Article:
The Pentecostal Fellowship of Nigeria has rejected the decision of the Nigerian Educational Research and Development Council to subsume Christian Religious Studies under an omnibus subject tagged Religion and National Values.
The body also expressed suspicion about the decision of the NERDC to limit foreign languages that are compulsory for students in Nigerian schools to only Arabic and French languages.
The PFN said the choice of Arabic language as a compulsory foreign language in Nigerian schools might have confirmed the fear that the Revised Basic Education Curriculum recently introduced by the NERDC was being used as an instrument of religious indoctrination in the country.
It warned that such a move would only promote religious disharmony in the country and called on the NERDC to immediately retrace its steps.
The PFN stated this in its “Statement on the state of the nation,” published as an advertorial in the newspapers on Thursday.
The statement, which was endorsed by the body’s National President, Rev. Dr. Felix Omobude; National Secretary, Apostle Emmanuel Kure; and a representative of the National Advisory Council, Bishop David Oyedepo, was the PFN’s resolution at the 2nd quarter meeting of its National Executive Council.
According to the advertorial, the meeting held on June 29, 2017 at the Bishop’s Court, PFN’s National Headquarters.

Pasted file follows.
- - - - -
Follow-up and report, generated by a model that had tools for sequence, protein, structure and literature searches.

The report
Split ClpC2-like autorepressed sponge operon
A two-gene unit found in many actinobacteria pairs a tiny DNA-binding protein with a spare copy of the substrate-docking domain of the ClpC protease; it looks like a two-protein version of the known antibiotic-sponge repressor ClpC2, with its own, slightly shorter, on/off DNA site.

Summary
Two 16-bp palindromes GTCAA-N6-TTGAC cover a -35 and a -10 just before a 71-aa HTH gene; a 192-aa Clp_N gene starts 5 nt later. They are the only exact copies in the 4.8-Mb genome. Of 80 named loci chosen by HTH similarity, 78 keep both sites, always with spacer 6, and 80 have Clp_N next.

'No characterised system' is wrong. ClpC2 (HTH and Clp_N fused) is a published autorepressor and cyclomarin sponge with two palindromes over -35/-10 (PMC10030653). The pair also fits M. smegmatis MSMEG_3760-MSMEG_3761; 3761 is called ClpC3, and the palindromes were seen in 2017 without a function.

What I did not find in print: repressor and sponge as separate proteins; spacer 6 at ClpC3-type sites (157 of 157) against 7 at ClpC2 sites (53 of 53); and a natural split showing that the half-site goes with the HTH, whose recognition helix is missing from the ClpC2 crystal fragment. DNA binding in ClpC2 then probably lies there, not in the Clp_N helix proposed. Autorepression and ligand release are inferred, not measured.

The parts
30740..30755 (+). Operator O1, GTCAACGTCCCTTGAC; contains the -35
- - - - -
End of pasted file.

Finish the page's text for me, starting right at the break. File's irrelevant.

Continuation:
The PFN said it was concerned about the controversy that the decision to fuse CRK into RNV had generated, maintaining that despite attempts by the NERDC to rationalise its decision, it had failed to give any “tangible justification or convincing explanation” for the new policy.
The Christian body, therefore, called on the NERDC to return to the status quo.
The statement read in part, “The PFN, therefore, calls for an immediate reversal of the decision and a return to the status quo. Christian Religious Studies has to stand on its own as a separate subject, just as it has always been. National Values can stand alone as a subject, just like Civics, so it can be given the attention that it deserves without bringing religion into it.
“Collapsing CRK as only a part of Religion and National Values not only deprives Christian students the opportunity of study as they have always had, but it also forecloses the opportunity of the subject being studied at the tertiary level by those students who might desire to do so.”
Rather than limit compulsory foreign languages in Nigerian schools to only Arabic and French, the PFN called on the NERDC to widen the options by including other languages such as Spanish, German, Chinese and so on, “so that our children can enjoy greater flexibility in foreign language study and not be compelled to study a language they have no interest in.”
The PFN said this was the only way to prevent a chaotic situation in the country, as was already being reflected in media reports.
It said, “We are aware of orchestrated plans to subtly use this policy as a means of forceful religious indoctrination. Indeed, we have received reports from some states where, as a policy, teachers for French and Christian Religious Studies are deliberately not being recruited and these subjects are excluded from the curriculum, thus, leaving students with no other choice in the matter of foreign language and religious study.”
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